Warner Bros. Theater, First Floor Center 
Free registration via

The History Film Forum presents “High Noon” (1952) in a special screening followed by a panel discussion with experts and family members of the original cast and crew. The iconic Western stars Gary Cooper as small-town marshal Will Kane, who faces a moral and ethical crisis when a violent outlaw from his past comes seeking revenge on the town's citizens. Setting aside plans for a peaceful retirement with his pacifist Quaker wife (Grace Kelly), Kane commits to making a final stand—alone—when the criminal gang arrives at high noon. Written by blacklisted screenwriter Carl Foreman, the film is a scathing indictment of a society unwilling to live up to its principles. Before the screening, Maria Cooper Janis will be signing copies of her book “Gary Cooper Off Camera: A Daughter Remembers.” Following the screening, the museum’s entertainment curator, Ryan Lintelman, will lead a conversation with Cooper Janis, Amanda Foreman, and Glenn Frankel. For more information, visit the museum's website

History Film Forum Presents: “Copa 71”
Tuesday, June 18, 7 p.m.
Warner Bros. Theater, First Floor Center
Free registration via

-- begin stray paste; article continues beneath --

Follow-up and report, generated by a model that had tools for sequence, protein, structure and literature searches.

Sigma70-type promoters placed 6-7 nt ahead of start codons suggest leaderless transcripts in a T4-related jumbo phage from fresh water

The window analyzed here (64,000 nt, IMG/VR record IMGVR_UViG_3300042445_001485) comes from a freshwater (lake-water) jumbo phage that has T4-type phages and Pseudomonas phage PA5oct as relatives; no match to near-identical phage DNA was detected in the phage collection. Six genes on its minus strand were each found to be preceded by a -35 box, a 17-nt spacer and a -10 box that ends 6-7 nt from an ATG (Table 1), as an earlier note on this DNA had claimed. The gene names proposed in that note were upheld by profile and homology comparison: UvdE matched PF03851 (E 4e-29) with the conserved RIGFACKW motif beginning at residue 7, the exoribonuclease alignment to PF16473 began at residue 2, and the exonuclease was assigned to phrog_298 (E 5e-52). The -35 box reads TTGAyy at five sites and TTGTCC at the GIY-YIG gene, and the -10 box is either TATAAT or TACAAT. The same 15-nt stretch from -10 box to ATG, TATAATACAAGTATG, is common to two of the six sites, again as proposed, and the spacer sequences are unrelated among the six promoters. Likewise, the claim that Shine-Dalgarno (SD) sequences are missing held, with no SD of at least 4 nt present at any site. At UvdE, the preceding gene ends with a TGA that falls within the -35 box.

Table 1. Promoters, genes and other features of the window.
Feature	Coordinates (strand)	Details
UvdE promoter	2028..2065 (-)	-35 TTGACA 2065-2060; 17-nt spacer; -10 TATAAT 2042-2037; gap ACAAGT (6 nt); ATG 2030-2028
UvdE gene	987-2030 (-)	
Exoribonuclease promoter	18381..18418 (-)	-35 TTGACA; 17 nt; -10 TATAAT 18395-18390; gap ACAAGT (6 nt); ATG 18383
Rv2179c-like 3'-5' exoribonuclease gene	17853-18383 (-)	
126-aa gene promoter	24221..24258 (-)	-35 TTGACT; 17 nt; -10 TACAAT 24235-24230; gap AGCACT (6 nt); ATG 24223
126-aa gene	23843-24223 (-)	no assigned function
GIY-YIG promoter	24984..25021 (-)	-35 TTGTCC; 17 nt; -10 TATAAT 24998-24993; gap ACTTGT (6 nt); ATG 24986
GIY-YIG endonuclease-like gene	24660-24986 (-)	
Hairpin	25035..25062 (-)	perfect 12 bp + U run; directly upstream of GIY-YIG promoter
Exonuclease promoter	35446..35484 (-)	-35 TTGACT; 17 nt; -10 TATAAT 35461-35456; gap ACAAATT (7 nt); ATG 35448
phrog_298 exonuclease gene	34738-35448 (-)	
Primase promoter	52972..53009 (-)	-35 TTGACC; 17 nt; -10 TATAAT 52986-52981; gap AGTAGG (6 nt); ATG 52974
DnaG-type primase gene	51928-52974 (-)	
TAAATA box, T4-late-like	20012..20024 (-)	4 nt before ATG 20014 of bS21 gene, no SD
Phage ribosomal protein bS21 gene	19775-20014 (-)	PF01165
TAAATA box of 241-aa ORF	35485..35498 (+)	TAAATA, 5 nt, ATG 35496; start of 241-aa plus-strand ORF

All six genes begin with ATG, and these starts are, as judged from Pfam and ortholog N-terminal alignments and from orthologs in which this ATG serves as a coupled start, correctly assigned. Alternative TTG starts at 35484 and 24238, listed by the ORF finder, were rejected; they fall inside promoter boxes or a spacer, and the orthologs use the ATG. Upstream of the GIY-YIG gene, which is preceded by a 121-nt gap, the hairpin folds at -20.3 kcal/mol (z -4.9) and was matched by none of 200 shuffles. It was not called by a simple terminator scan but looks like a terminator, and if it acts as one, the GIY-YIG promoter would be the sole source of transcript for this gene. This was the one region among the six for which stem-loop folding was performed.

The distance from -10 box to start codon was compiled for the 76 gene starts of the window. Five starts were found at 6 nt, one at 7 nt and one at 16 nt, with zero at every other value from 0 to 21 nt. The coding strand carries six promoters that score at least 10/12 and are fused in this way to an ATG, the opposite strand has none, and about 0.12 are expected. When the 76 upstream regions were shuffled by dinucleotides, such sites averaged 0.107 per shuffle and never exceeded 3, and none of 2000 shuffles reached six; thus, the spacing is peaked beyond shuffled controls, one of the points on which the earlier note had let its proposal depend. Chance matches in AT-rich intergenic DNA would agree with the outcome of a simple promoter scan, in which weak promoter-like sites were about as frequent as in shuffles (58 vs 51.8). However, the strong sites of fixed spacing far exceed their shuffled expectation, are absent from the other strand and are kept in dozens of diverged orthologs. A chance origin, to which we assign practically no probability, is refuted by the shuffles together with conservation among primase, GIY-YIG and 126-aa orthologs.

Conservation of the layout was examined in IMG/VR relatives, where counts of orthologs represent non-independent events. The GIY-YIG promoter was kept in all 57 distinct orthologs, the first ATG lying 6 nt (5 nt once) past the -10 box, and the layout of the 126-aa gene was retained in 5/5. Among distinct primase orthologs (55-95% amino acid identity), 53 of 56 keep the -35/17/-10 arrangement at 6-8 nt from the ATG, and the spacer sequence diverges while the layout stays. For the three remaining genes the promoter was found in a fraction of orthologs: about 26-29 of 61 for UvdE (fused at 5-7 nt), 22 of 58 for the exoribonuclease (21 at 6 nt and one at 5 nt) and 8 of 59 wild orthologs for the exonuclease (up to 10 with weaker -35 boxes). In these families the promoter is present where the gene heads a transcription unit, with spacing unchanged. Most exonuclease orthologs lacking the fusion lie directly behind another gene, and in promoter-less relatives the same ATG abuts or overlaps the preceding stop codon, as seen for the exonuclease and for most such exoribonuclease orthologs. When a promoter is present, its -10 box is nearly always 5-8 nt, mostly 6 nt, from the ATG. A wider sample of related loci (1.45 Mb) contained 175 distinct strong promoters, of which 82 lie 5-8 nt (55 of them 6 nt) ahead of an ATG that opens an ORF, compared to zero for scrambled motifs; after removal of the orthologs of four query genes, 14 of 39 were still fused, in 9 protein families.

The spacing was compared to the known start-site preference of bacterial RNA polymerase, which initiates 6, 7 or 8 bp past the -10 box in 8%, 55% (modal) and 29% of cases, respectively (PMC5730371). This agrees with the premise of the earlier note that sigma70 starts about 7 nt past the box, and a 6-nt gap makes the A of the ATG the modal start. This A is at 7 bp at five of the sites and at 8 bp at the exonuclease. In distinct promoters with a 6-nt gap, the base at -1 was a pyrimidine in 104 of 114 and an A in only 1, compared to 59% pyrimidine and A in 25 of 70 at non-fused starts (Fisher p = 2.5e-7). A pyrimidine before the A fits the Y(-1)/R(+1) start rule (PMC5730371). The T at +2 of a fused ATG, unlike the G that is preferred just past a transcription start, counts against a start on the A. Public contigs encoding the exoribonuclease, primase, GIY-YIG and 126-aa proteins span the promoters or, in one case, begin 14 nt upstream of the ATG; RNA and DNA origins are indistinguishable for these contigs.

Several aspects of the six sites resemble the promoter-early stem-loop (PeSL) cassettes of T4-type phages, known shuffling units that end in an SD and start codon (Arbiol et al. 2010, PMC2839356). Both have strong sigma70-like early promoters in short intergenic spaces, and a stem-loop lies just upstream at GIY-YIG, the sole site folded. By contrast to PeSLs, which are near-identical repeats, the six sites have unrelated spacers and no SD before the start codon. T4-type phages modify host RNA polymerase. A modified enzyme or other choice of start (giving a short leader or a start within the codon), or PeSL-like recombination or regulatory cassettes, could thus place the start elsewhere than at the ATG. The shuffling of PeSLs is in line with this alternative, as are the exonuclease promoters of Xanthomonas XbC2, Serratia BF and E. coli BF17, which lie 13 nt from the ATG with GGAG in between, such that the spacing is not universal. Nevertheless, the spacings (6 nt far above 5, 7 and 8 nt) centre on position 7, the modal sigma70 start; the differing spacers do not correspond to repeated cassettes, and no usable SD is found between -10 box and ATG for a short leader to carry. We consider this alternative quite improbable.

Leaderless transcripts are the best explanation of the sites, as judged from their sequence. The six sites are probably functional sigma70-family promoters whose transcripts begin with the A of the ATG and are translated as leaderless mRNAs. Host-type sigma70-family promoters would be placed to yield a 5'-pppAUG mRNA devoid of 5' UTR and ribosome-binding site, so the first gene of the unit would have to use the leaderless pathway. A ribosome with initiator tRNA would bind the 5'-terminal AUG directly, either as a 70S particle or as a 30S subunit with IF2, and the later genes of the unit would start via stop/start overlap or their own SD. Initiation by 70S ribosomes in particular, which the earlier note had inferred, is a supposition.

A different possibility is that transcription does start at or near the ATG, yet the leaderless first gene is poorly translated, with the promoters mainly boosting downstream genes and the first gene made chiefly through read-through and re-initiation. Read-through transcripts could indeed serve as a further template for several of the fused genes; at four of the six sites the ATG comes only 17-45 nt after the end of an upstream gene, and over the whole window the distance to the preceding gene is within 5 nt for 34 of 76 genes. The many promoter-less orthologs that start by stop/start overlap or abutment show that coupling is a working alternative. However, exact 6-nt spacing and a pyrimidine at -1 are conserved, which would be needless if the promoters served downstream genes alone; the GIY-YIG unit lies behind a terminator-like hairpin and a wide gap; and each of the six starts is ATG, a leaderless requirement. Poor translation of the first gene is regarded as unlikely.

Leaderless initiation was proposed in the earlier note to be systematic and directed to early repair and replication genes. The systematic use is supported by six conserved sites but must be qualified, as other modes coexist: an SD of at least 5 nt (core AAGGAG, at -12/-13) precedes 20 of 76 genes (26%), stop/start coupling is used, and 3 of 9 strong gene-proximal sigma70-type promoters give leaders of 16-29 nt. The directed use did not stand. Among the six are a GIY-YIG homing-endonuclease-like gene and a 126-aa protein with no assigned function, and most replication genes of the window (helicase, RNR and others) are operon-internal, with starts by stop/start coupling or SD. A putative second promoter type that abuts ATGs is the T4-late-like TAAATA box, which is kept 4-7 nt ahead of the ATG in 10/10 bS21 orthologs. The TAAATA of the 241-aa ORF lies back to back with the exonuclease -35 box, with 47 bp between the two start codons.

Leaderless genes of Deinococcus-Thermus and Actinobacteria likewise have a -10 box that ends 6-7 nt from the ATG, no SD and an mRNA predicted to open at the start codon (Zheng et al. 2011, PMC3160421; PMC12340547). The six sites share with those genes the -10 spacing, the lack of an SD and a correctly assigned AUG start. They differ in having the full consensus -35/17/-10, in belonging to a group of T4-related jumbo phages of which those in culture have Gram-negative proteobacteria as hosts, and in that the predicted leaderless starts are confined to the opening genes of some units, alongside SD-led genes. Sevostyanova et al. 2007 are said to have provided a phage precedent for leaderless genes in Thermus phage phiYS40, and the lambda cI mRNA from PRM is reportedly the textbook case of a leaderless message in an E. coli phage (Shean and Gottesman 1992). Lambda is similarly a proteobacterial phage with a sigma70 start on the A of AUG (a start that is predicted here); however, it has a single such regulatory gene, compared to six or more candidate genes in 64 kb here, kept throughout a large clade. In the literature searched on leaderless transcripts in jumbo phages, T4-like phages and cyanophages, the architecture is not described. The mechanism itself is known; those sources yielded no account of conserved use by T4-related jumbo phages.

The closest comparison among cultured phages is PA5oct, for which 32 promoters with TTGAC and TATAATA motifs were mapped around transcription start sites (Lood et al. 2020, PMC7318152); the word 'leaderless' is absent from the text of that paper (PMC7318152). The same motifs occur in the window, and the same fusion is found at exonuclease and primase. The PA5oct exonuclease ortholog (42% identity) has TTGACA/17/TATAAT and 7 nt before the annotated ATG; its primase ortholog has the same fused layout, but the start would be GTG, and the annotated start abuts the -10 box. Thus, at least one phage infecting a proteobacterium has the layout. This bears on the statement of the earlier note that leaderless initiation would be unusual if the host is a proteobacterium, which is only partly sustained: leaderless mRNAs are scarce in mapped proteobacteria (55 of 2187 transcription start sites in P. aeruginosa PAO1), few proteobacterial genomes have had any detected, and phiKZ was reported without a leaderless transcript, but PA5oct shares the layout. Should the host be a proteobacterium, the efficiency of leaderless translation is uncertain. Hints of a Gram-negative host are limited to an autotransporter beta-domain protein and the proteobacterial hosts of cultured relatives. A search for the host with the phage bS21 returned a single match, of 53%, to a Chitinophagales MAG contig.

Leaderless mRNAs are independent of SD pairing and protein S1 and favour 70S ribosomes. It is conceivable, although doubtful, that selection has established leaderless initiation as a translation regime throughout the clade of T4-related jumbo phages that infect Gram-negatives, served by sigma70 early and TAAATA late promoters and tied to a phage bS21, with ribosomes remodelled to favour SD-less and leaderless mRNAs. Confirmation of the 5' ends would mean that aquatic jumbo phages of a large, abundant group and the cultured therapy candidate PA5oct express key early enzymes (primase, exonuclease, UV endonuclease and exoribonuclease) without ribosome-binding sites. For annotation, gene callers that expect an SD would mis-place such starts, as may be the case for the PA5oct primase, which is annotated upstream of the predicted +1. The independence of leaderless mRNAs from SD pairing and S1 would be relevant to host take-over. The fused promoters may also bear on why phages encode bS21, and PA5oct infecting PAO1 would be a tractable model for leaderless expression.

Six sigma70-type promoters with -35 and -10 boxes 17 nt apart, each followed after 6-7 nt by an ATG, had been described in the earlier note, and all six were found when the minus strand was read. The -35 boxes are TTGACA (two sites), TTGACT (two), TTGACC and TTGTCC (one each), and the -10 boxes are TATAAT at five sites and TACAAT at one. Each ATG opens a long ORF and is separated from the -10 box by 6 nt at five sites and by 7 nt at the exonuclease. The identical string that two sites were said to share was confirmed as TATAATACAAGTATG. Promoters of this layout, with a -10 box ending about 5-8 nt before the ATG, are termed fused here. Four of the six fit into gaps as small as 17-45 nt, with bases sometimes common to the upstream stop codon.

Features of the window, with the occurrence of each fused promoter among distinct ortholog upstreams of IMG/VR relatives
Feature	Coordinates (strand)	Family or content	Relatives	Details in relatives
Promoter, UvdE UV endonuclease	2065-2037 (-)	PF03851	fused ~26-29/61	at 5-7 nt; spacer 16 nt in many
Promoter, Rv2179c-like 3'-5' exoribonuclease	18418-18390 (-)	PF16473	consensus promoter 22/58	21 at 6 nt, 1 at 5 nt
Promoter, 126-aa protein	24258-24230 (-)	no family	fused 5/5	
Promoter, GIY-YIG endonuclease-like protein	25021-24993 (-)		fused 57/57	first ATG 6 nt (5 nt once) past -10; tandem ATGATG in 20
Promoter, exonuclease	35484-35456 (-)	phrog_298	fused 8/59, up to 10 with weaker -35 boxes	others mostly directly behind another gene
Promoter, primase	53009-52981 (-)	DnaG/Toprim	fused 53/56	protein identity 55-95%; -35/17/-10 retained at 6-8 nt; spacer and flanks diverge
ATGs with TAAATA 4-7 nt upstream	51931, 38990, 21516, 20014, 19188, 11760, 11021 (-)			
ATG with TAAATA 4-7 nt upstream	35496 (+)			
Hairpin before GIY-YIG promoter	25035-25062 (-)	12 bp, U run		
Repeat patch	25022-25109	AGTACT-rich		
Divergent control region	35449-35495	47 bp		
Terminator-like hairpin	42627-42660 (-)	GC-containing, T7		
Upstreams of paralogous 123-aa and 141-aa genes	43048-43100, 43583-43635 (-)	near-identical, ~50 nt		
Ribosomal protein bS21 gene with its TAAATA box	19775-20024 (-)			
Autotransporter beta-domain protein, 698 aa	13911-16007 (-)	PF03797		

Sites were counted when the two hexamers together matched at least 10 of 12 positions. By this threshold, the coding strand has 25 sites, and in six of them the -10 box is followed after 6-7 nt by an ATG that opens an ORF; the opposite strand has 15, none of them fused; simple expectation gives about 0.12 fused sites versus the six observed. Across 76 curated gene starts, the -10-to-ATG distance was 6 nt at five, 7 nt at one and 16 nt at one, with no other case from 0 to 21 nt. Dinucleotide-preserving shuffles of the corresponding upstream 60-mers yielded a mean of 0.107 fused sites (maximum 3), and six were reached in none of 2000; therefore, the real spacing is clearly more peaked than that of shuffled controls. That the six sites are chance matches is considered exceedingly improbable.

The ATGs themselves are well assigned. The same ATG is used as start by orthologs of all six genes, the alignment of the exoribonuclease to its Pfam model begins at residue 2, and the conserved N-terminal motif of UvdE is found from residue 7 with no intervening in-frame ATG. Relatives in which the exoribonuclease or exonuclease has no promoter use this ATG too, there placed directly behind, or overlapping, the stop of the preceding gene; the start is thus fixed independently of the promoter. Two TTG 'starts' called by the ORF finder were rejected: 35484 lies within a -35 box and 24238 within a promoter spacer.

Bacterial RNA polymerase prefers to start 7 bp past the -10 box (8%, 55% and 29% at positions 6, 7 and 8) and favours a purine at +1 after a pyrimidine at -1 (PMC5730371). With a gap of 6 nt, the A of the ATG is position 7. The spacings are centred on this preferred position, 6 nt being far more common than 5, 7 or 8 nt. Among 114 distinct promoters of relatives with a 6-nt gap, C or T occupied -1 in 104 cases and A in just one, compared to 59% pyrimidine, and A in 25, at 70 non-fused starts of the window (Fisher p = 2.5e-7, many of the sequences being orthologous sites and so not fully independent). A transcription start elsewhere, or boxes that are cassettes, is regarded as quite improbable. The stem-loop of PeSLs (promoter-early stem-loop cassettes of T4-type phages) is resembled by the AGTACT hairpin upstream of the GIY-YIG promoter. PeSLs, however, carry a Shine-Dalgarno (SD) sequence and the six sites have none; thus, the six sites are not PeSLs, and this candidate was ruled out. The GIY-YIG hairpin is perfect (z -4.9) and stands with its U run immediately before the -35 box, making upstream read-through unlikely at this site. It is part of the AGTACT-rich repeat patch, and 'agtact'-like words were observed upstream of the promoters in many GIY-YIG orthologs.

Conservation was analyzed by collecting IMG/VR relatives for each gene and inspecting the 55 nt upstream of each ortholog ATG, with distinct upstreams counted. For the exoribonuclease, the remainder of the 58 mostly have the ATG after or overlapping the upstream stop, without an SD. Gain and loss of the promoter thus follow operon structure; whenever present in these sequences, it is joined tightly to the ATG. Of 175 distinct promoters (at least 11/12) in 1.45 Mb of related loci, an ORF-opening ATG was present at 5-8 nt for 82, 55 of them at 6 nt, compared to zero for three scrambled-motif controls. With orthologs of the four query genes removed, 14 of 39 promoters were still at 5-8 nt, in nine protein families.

Eventbrite starting May 20.

The History Film Forum presents the D.C. premiere of “Copa 71.” Told by the pioneering women who participated in the games and assembled from archives unseen for fifty years, this is the extraordinary story of the 1971 Women’s Soccer World Cup, a tournament witnessed by record crowds that has been written out of sporting history – until now. This special screening will be followed by a talkback with co-directors and writers Rachel Ramsay and James Erskine. For more information, visit the museum's website.

The History Film Forum presents the D.C. premiere of “Copa 71.” Greenwich Entertainment


Smithsonian Jazz Masterworks Orchestra Presents:
“Sarah Vaughn: The Divine One”
Note: Baird Auditorium, National Museum of Natural History

10th St. & Constitution Ave. NW, Washington, D.C. 20560
Friday, June 1; 7 to 9:30 p.m.

Sarah Vaughan's colorful vocal tone, unparalleled range, elastic stylized phrasing, and all-around dynamic musical interpretation earned her the moniker “The Divine One.” Also known as “Sassy,” Vaughan became one of the greatest jazz vocalists in the history of the music. To close out this year’s concert season, the SJMO, the museum’s big band orchestra in residence, will feature singer Sharón Clark performing selections that may include “After You've Gone,” “It Don't Mean a Thing (If it Ain't Got That Swing)” and “The Lady's in Love with You.”

Ticket Information:
Members $25; Nonmembers $30

Saxaphone players
Smithsonian Jazz Masterworks Orchestra Smithsonian


“Innovative Lives: Dawn Scott”
Wednesday, June 13, 6 – 8:30 p.m.

Wallace H. Coulter Plaza, First Floor West
Free registration here